A few weeks ago, it happened. I got on the mailboat and saw a few people I didn’t recognize. They were wearing daypacks and poring over a map of the Isle au Haut’s hiking trails. Tourists.
I spend a lot of time during the winter defending Isle au Haut (and island life in general) to friends, acquaintances and strangers. They don’t understand why anyone would want to live on a giant rock with only 30 other people. They think having to catch a boat sounds terribly inconvenient. They imagine the wind whipping in from the ocean would be bone chilling.
They’re not wrong. At times it can be lonely, cold and terribly inconvenient. But I find myself getting frustrated when they don’t even try to imagine how sweet the island potlucks are or how beautiful the ocean looks when it’s cold. Sometimes I try to appeal to their logical side by insisting that if it was really all that horrible, no one would live here. It doesn’t usually help much.
But something happens during the month of May. There’s a switch in perspective.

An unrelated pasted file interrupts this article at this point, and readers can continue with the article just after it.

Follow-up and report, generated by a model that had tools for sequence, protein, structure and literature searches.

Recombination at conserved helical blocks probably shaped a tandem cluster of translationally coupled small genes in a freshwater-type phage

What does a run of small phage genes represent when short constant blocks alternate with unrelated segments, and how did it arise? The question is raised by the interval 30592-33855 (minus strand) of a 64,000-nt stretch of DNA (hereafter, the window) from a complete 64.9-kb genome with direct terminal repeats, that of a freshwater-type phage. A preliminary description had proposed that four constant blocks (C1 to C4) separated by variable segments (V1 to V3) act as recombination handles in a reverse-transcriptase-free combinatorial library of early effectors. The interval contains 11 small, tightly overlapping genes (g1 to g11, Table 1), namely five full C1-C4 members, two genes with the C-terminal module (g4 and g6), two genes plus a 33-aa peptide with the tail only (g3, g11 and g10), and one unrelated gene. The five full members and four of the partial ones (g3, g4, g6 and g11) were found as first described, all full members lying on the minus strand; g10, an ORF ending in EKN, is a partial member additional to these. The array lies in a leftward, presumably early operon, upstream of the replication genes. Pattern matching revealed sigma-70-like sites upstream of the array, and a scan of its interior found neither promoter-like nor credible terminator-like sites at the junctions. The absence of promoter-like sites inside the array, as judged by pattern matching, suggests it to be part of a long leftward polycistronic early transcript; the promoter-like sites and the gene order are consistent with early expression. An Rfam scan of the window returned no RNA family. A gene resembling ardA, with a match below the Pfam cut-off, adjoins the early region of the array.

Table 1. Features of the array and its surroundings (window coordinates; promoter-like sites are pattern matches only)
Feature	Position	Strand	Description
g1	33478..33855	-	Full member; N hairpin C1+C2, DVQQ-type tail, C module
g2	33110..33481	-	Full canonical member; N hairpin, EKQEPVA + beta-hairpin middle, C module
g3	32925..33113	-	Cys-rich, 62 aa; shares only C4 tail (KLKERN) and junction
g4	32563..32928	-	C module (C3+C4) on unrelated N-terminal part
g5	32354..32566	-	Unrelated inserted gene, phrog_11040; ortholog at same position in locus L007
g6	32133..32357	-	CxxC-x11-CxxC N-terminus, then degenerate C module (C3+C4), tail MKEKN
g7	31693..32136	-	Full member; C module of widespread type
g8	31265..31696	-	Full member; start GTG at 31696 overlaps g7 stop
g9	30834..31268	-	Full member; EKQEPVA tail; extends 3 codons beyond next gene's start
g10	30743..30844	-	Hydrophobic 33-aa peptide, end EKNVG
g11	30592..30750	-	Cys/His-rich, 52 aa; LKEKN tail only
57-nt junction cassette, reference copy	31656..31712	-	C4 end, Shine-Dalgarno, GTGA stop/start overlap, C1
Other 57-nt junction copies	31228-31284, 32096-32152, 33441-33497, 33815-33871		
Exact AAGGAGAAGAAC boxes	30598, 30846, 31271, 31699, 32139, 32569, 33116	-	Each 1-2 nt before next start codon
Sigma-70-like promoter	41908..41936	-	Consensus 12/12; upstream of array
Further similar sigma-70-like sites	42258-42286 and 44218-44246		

Instead of first reacting with, “That must be lonely—and you have to take a boat?!” they say, “That sounds so peaceful! I would love to be able to do something like that.”
And I’ll admit, I enjoy that. I love seeing people embracing the beauty and serenity of coastal Maine life. They get it—no explanation necessary. The boat ride becomes a part of the experience instead of an obstacle to overcome. The limited number of residents becomes a draw rather than a deterrent.
I will happily answer questions and usually find myself telling stories about everything from dinners at Nancy’s to mornings spent on the Sea Coast Mission’s Sunbeam boat (a telemedicine facility that makes trips out to the island about every two weeks).
So when I saw my first tourists of the season, I couldn’t help but go over and strike up a conversation. Their smiles and looks of awe put me in a great mood.
I know come August I’ll be tired of answering the same questions over and over. I know I’ll wish people didn’t completely romanticize island life—that they could understand how hard it is to live out here. But after a really long winter, I’ll take a bit of romanticizing.
Megan Wibberly is an Island Fellow on Isle au Haut through AmeriCorps and the Island Institute.